Snow is equally a pedagogue in Wavelength, a summary of art history which, in 45 minutes, condenses the evolution of painting from the Renaissance to the contemporary period, all the while maintaining qualities intrinsic to the cinematographic apparatus. The film begins with a long shot where the depth of field imposes a spatial corridor where the point of exit appears, at least at first, to converge toward a chair behind which are four large rectangular windows. Didn’t Renaissance humanism say about perspective that it should offer a view like an open window onto the world, while also increasing the illusionistic and mimetic power of painting? Meanwhile, with the slow and intermittent forward progression of the zoom, it is the space in its entirety that becomes flatter, until the final close-up on the photograph of the waves hanging on the wall confirms the triumph of the surface plane (that of the photo paper, the wall, the film surface, and the cinema screen) over perspective.

La Région Centrale and Breakfast (Table Top Dolly) (1972-1976) are also films that revisit and redefine the great pictorial genres of landscape and still life. In the first, Snow refuses to enclose the landscape in a fixed frame that would be governed by predetermined compositional schemas, and provokes an overflow of the represented landscape by constantly allowing it to exceed the limits of the frame, and this by means of an infinite number of camera movements generated by a mechanical arm controlled at a distance. In the second, Snow switches the transparency of the classic still life for a space marked by its opacity. The contents on the table are of carton –and, brimming with irony, traditionally inanimate ‘still life’ objects are daringly animated on screen- as the camera’s slow advance adds increased disorder on the table.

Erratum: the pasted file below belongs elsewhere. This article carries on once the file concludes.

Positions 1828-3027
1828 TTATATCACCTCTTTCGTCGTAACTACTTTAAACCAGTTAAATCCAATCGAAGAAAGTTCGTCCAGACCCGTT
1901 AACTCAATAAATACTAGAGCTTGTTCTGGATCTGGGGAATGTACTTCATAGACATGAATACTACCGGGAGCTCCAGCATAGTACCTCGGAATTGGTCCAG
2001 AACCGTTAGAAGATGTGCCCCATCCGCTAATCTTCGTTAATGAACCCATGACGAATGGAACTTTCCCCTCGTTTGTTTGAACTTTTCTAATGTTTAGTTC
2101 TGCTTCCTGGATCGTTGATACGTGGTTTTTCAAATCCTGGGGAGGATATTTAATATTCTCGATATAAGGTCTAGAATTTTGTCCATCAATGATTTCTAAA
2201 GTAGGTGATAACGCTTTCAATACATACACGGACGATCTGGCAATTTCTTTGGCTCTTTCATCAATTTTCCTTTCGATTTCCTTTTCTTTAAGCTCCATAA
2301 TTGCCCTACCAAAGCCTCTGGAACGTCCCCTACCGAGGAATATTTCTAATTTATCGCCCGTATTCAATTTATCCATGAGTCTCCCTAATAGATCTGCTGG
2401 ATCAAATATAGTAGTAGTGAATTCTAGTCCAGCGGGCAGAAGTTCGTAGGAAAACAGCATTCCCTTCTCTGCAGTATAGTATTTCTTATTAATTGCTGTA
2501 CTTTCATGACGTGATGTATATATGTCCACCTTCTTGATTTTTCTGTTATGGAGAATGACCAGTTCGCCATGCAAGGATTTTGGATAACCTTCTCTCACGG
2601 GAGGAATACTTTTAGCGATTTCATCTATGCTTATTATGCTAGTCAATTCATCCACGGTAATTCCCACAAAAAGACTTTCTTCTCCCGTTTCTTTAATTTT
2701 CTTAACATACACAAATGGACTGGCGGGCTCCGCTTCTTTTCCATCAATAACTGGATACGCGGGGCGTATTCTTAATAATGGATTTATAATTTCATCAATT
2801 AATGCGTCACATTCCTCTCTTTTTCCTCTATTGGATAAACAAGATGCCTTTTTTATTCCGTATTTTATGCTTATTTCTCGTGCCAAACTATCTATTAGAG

So Is This, a film dedicated uniquely to the written text, is one of Snow’s most interactive films because the filmmaker addresses the spectators directly and invites them to read a text which unfolds on the screen word after word. Always the pedagogue, this time Snow becomes a grammarian, outlining the similarities that exist between a written and read text and a filmed text. The word, semantic unit of the text, finds its equivalent in the shot, semantic unit of the film. Each unit is organised into a discourse by the intermediation of montage. Interactivity is even more important here, where the spectator, in unison with the reading of the text, tries to guess the word which will follow, much like the spectator trying to anticipate what action will follow in a fiction film.

Closely linked to structural cinema, the insistence on duration can also be seen as being particularly appropriate to Snow’s pedagogical methods. In effect, the more time we take to explain a concept, the clearer and more convincing the exposition. This slow progression of time, even in Snow’s shorter works, favors this interrogation on the part of the spectator, in search of minute changes within the interior of the frame, because, contrary to those who allow this apparent inertia to assume itself, many things happen in a Michael Snow film for those willing to carefully linger on the slightest visual and aural details they receive.